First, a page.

Causes of a Dry Mouth

Dry mouth is a condition in the medical community that is known as “xerostomia.” This condition is characterized by decreased salivation in the mouth which results in a dry tongue, cheeks and gums. While this condition is often a side effect or symptom of another condition, it can result as an independent condition in and of itself. If you experience dry mouth, it is important to visit your physician to determine the cause and treatment options for your own specific health condition.


When your body needs more water, it lets you know by making you feel thirsty. This natural mechanism in the body quits working properly as we age. Therefore the older we get, the more likely we are to suffer from dehydration, which is a very common cause of dry mouth.


According to, there are more than 1,800 medications that can cause dry mouth. Medications such as antihistamines, narcotics and acid reducers often cause this side effect. If you start a new medication, consult your doctor or pharmacist to see if this is a possible side effect of the new drug. If your dry mouth is a medication side effect, your physician will instruct you on what he wants you to do, and may possibly switch your medication depending on the severity of your symptoms.

Tobacco Usage

Dry mouth is a common complication of tobacco use. Cigarettes, cigars, snuff and dip can all cause this adverse symptom. Depending on your overall health and current medication regimes, your doctor may be able to prescribe medications that will assist you in tobacco cessation. If your dry mouth is found to be a side effect of tobacco use and you are unwilling to quit, sucking on hard candy may alleviate this symptom.


Several diseases and general medical conditions can cause dry mouth. Sjogren’s syndrome is a condition that often causes dry mouth in addition to dehydration and dry skin. Dehydration is a medical condition that in itself will cause dry mouth and in severe cases can cause the tongue to dry out to the point of cracking. Other diseases which can cause dry mouth include AIDS, scleroderma, diabetes, anxiety disorders and Parkinson’s disease. A visit to your physician is important to rule out any medical conditions which may be causing your dry mouth symptoms.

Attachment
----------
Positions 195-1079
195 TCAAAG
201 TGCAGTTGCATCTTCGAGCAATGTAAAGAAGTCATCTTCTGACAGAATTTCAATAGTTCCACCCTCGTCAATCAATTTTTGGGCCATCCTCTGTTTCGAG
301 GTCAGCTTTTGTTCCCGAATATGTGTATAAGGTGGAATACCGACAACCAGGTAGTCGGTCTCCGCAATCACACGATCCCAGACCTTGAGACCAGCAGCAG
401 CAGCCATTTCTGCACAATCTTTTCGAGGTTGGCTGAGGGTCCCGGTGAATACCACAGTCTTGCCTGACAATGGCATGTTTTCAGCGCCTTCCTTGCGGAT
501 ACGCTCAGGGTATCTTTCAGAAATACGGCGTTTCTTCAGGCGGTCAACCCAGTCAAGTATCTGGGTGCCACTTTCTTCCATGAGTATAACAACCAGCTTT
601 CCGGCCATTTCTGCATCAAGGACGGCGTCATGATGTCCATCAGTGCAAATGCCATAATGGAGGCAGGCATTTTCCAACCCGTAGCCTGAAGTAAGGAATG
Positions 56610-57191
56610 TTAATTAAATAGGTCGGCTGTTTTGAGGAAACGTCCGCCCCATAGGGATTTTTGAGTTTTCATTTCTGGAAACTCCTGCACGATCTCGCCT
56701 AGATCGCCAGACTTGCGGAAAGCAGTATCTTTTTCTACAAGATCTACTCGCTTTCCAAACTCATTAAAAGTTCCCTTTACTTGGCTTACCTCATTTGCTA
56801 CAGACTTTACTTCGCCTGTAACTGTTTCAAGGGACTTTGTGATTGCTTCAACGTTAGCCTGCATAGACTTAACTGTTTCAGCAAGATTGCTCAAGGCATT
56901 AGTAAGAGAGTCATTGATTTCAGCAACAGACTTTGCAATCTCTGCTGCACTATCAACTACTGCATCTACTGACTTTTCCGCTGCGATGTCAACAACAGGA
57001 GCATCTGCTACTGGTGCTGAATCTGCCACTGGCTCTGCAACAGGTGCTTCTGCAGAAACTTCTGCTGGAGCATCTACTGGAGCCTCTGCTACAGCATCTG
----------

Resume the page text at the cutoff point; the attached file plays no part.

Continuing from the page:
Sleeping Habits

Dry mouth is often experienced in the morning after waking up. If you sleep with your mouth open or snore at night, the saliva in the mouth can easily evaporate, causing the inside of the mouth to become dehydrated. It’s important to visit a physician if you snore or sleep with your mouth open, as these can be symptoms of sleep apnea, which if left untreated can result in more serious conditions such as heart damage.

About this Author

Iva Gutowski is a practicing nurse with health care experience since 2001. She has worked in the hospital setting on medical/surgical floors and critical care units. She has been a writer since 1999. Her experience includes articles for “The Asheville Citizen-Times,” “The McDowell News,” and “The Old Fort News.” Gutowski holds a License Practical Nursing degree from McDowell Technical Community College